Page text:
Cadillac's new baby is exactly that: A compact crossover that slots below the already tidy XT5 and can probably fit in the glovebox of an Escalade. After a 2017 that saw the XT5 outsell all of Cadillac's cars in the U.S. by a 35 percent margin, the XT4 is something of a no-brainer, though the details of any vehicle so important never are.
Here are some first impressions of the XT4 after being among the first to see it in person during a world debut event at Cadillac House, the company's headquarters in Manhattan.
The XT4 is 8 inches shorter than the XT5, but small isn't the first impression you get thanks to a wide, planted look that is helped by the wheels being pushed out toward the corners on a platform developed from parts of Epsilon II (Malibu) and the rear of the XT5. The limited front and rear overhangs that result are part of what keeps keep the XT4 from looking like a starter vehicle, as does its large-but-not-toothy grille and a dramatic new rear taillight design.
Neither of the pre-production cars at the debut had a hood I was allowed to lift, but power will come from a new direct injection 2.0L turbo four doing 237 horsepower and 258 pound feet of torque that comes on mostly between 1,400 and 4,000 RPM, so it should feel bigger than it is. A 9-speed automatic converts that power whether you get FWD or the fully decoupling AWD system with rear torque vectoring. EPA fuel economy is expected to be 27mpg average, thanks to cylinder deactivation.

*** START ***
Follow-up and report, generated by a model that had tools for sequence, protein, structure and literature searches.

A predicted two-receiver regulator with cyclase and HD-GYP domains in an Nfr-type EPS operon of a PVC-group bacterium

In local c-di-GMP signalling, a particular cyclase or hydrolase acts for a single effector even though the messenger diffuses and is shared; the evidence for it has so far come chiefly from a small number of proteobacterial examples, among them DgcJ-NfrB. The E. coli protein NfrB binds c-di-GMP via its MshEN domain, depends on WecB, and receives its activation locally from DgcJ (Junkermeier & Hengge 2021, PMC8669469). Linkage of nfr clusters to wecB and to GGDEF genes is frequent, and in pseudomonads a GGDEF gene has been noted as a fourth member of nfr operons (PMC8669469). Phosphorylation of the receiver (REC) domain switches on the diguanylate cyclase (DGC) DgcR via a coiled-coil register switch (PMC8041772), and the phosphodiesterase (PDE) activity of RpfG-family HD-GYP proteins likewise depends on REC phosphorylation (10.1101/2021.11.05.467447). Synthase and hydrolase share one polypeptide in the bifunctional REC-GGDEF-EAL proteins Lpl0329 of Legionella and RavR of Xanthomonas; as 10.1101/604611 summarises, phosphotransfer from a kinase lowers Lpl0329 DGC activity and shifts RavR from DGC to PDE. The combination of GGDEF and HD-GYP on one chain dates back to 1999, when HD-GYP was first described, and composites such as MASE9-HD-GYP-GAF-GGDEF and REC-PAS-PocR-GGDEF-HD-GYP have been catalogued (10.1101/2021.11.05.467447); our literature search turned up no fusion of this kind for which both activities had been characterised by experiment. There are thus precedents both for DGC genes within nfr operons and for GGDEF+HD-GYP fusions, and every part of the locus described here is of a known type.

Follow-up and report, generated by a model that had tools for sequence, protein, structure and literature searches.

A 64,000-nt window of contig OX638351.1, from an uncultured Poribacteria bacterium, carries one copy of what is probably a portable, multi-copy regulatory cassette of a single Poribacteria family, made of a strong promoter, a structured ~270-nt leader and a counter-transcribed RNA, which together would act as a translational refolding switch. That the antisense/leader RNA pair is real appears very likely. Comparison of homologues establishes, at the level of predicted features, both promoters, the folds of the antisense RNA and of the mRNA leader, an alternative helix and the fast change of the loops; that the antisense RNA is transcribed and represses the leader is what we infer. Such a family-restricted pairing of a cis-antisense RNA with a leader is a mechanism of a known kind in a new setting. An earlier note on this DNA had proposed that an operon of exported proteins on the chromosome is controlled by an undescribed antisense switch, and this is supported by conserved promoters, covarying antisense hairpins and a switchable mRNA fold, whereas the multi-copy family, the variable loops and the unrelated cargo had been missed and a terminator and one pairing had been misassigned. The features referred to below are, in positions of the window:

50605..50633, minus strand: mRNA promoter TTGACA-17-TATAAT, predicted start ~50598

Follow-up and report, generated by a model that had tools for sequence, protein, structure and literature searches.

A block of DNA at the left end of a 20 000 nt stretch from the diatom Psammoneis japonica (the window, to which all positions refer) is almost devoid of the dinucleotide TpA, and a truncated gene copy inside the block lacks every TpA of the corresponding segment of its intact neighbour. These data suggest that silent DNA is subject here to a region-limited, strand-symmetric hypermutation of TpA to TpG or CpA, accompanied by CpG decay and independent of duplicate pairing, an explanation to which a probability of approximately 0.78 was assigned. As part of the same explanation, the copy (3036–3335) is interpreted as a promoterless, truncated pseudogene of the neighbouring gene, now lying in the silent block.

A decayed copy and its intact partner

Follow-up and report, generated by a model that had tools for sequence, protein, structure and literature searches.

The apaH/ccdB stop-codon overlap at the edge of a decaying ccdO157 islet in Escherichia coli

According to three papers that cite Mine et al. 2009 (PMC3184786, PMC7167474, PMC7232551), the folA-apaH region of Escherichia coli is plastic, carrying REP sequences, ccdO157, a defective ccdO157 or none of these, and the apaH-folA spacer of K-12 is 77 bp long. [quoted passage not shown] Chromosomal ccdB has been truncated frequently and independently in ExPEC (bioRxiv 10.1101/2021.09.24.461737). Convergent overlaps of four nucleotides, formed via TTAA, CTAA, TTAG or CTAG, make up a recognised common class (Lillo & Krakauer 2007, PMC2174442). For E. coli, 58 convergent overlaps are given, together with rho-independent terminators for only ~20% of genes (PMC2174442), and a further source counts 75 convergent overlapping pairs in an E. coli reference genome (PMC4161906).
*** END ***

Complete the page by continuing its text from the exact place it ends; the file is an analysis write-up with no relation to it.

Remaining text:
This is clearly a two-row vehicle (Cadillac has a new three-row crossover coming later) but with emphasis on its nearly 40 inches of rear legroom that seemed legit during a quick hop in the back. Up front, the spacious feeling continues with a new dashboard style based on an almost uninterrupted horizontal span, a trick that makes a smaller cabin feel bigger. The main instruments are spare looking, with analog needles for speed and RPM on either side of an LCD information screen. That kind of lean look demands a quality execution lest it just look cheap, which this setup does not.
In the center stack you'll find(they don't seem to call it CUE any more) across all trim levels, on an 8-inch touchscreen that I was pleased to see nestled deeply in the dash rather than sticking up like a billboard outside Ebbing. It's easily reached, but if you don't want to touch it you can use Cadillac's first physical control set for a head unit that includes a large multipurpose knob surrounded by home run buttons and a real volume knob, not a capacitive touch strip to be found.
Apple CarPlay and Android Auto are standard at all trim levels while built-in navigation is optional across the board.
The new XT4 starts at $35,790 when it hits showrooms in Fall 2018. The two samples I saw had the optional panoramic sunroof installed which is always more dramatic the smaller the car it's installed on; You'll want to check that box. Cadillac trim levels will be handled differently starting with XT4: The base is called Luxury (see how they did that?), with upgrades to Premium Luxury or Sport. Those two are a fork more than a hierarchy.
Beyond itself, the XT4 is important as the cork coming out of a bottle of four more new Cadillac models over the next two years, leaving the company with more crossovers than cars for the first time. If the XT4 can perform as well as the XT5 has in showrooms, it could change the company's business in fairly short order.